'Wizard of Oz' mystery: Is the Yellow Brick Road in Peekskill?

This film image shows the character China Girl,

This film image shows the character China Girl, voiced by Joey King, left, and James Franco, as Oz, in a scene from "Oz the Great and Powerful," which hits theaters March 8, 2013. Local historian John Curran has evidence that the inspiration for "Oz's" Yellow Brick Road may have Peekskill origins. (Credit: AP Photo)

Dorothy Gale, the Scarecrow, the Tin Man and the Cowardly Lion would have nowhere to go in "The Wizard of Oz" without the Yellow Brick Road, a fantastical path whose real-life origins could be traced to northern Westchester.

L. Frank Baum, who spent part of his childhood in Peekskill, published "The Wonderful Wizard of Oz" in 1900. The beloved children's classic was adapted into the iconic film starring Judy Garland in 1939, as well as Disney's "Oz the Great and Powerful," which will hit movie theaters nationwide Friday.

Peekskill Museum president John Curran invites fans of "Oz" interested in the Yellow Brick Road's back story to check out a 50-foot stretch of golden-hued brick on South Water Street behind the Standard House building on Hudson Avenue.


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Although it's true that patches of yellow brick road can be found throughout the country, there's a compelling case for Peekskill serving as inspiration for the Yellow Brick Road: Baum spent 1868-1870 in Peekskill, and when he was a student at the defunct Peekskill Military Academy, he followed "the Yellow Brick Road to get back home -- similar to what Dorothy does in the story," Curran said.

Curran, who recently served as Peekskill's city historian, first learned of the connection through the 1998-2001 restoration of the Standard House, a commercial building listed on the National Register of Historic Places. At that time, the building's owners and project managers, Kathy and Richard Cerreta, claimed that the golden path behind the building may have inspired Baum to include it in his famous tale. Curran said he spent subsequent years investigating the evidence.

"What we did find was that this roadway was a dedicated street called West Street, and it extended from Water Street all the way out to the lower dock," Curran said. "The lower dock is where the steamboat came in, and it was on one of those steamboats that L. Frank Baum, when he was a child, first arrived in Peekskill."

Baum's time at the Peekskill Military Academy, which he attended from ages 12 to 14, wasn't always happy. Living with a heart defect -- which Curran said may have been caused by a bout with rheumatic fever -- Baum endured more than a tongue-lashing when he was caught looking out a window and daydreaming during a lesson.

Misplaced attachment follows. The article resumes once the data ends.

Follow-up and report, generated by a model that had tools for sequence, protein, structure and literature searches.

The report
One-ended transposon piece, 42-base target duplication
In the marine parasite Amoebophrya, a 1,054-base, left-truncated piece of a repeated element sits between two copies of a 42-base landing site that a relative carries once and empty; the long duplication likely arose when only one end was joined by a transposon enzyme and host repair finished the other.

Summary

"He was rough-handled by one of the teachers in the school," Curran said. "Frank had a seizure and he fell to the floor. And it was at that time that he wrote to his father that he needed to go back home."

Perhaps Baum thought something along the lines of, "There's no place like home," as he followed the Yellow Brick Road back to the steamboat that would help return him to his family in Madison County.

Evidence for Peekskill's claim as the home of the Yellow Brick Road is strengthened by the fact that many of the city's streets, including the small patch that remains, had been paved with yellow Dutch brick, well before Baum's arrival. "The yellow brick in this roadway [on South Water Street] dates, on Peekskill maps, at least to the 1830s," Curran said.

Curran isn't the only expert who could see Peekskill as the home of the Yellow Brick Road. Evan Schwartz, the author of "Finding Oz," told CBS News two years ago that Baum's classic tale pulled from many of the "Oz" scribe's life experiences, including his Kansas upbringing and the 1893 Chicago World's Fair, which is said to have inspired the Emerald City.

However, a Michigan community also could have a case for being the home of the Yellow Brick Road. According to an April 2012 article in The Holland Sentinel, some say Baum may have noted the brick floor of a lakefront castle while writing "The Wonderful Wizard of Oz."

Curran admitted that although Peekskill's evidence is circumstantial, it has the strongest case among communities laying claim to the Yellow Brick Road. It's one of the reasons he has helped spearhead local efforts to install "Oz"-related sculptures and stage events in Peekskill -- to celebrate the connection between Baum and the city.

"I think it would be great if the Peekskill community made better use of the Yellow Brick Road connection to the 'Oz' story, for all kinds of very interesting and positive reasons," he said. "They could be artistic. They could be commercial."

If "Oz the Great and Powerful" is a box-office smash, the city could benefit.

"There's no doubt that the new feature film on the 'Oz' theme will bring more attention to Peekskill and its claim to the Yellow Brick Road inspiration," Curran said.

At the very least, the true tale of Baum and his brief stay in Peekskill feeds imaginations and makes for a good story.

"So many people come by and they look at this Yellow Brick Road, and it does inspire them -- especially children," Curran said. "This is a real thing. It's a real story, and they love the story. So, it's a nice connection to make from a community to a really wonderful story."

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